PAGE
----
Tomgram: Engelhardt, War Games
[Note for TomDispatch Readers: It’s August, a good time to relax and experiment a little. Some years ago, I wrote an idiosyncratic history of American triumphalism and the Cold War, The End of Victory Culture. I filled it with the pop culture detritus of my own childhood from horror comics and nuclear-mutant movies to toy missiles and toy soldiers. While writing it, I became fascinated with the way in which an adult culture of war-making played itself out in children’s lives and also the ways in which the business of children’s culture sometimes anticipated developments in the adult world.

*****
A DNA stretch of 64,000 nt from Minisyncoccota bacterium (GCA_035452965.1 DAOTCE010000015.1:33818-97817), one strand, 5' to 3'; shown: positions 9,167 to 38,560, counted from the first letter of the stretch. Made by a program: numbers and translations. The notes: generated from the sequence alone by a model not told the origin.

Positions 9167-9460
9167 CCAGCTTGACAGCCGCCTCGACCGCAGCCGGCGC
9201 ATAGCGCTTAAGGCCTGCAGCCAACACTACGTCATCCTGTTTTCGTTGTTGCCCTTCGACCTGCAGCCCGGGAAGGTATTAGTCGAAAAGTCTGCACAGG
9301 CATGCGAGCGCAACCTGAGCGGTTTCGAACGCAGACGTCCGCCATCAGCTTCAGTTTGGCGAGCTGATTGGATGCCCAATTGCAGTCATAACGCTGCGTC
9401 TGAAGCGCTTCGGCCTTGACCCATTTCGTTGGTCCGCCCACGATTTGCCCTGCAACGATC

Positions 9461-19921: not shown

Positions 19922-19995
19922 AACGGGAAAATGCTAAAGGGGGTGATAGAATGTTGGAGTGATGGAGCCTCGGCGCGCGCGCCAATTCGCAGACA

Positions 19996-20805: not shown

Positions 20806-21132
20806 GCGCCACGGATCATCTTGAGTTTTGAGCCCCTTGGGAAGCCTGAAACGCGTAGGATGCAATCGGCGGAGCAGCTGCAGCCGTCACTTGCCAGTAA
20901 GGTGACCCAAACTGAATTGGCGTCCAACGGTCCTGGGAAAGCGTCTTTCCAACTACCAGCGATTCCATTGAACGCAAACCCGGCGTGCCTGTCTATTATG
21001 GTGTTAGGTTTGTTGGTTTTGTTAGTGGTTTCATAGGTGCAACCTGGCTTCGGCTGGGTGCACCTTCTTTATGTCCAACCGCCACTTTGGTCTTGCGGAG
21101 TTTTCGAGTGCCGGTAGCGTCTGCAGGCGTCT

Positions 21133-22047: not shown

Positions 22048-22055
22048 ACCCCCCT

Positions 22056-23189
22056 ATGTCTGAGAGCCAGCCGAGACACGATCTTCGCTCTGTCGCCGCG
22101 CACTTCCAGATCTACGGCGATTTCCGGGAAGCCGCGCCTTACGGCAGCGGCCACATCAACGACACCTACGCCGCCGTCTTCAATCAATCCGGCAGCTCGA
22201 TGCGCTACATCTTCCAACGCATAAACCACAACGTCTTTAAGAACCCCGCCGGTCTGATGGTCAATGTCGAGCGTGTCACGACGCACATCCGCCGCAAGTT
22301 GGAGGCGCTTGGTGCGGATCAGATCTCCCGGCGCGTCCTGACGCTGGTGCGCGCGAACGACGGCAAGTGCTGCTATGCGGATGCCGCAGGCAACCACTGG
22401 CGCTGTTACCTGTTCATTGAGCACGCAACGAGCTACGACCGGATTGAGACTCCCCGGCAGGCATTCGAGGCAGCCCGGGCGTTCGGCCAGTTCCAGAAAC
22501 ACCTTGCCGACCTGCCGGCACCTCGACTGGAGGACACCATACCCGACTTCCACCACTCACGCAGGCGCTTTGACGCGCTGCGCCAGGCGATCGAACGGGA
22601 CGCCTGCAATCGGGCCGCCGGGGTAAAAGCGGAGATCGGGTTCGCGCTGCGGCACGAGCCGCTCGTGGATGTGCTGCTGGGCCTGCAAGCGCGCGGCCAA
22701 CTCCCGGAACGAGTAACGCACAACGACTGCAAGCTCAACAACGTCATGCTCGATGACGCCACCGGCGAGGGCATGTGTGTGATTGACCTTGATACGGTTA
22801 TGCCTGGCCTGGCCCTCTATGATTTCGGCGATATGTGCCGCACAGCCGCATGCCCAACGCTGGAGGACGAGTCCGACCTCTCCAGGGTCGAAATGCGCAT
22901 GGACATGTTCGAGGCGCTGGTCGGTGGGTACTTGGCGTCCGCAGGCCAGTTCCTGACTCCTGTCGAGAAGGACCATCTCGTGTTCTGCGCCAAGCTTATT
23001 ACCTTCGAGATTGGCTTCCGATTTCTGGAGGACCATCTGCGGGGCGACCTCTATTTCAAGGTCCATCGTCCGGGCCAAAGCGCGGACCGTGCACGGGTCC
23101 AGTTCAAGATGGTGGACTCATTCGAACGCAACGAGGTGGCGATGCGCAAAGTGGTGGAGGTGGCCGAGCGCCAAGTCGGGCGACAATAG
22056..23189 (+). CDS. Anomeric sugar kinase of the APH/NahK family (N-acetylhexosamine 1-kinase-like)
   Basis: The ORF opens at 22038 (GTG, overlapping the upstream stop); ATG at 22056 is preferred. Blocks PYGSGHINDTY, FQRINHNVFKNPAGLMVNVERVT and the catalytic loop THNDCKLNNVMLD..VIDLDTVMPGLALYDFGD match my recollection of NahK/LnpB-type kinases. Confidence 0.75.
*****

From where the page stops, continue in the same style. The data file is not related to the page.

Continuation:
I’ve never posted any of the book at TomDispatch, so here’s part one of a two-parter from that book, focusing on G.I. Joe toys, the movie Star Wars, how war was stripped from children’s culture in the Vietnam era, and how it returned. Strangely, such subjects have not much interested historians. As a result, this material still seems remarkably fresh to me. My thanks go to Bruce Wilcox, who runs the University of Massachusetts Press and is the publisher of the book, for allowing me to post these excerpts (with a special bow to my superb UMass editor, Clark Dougan) — two classy guys!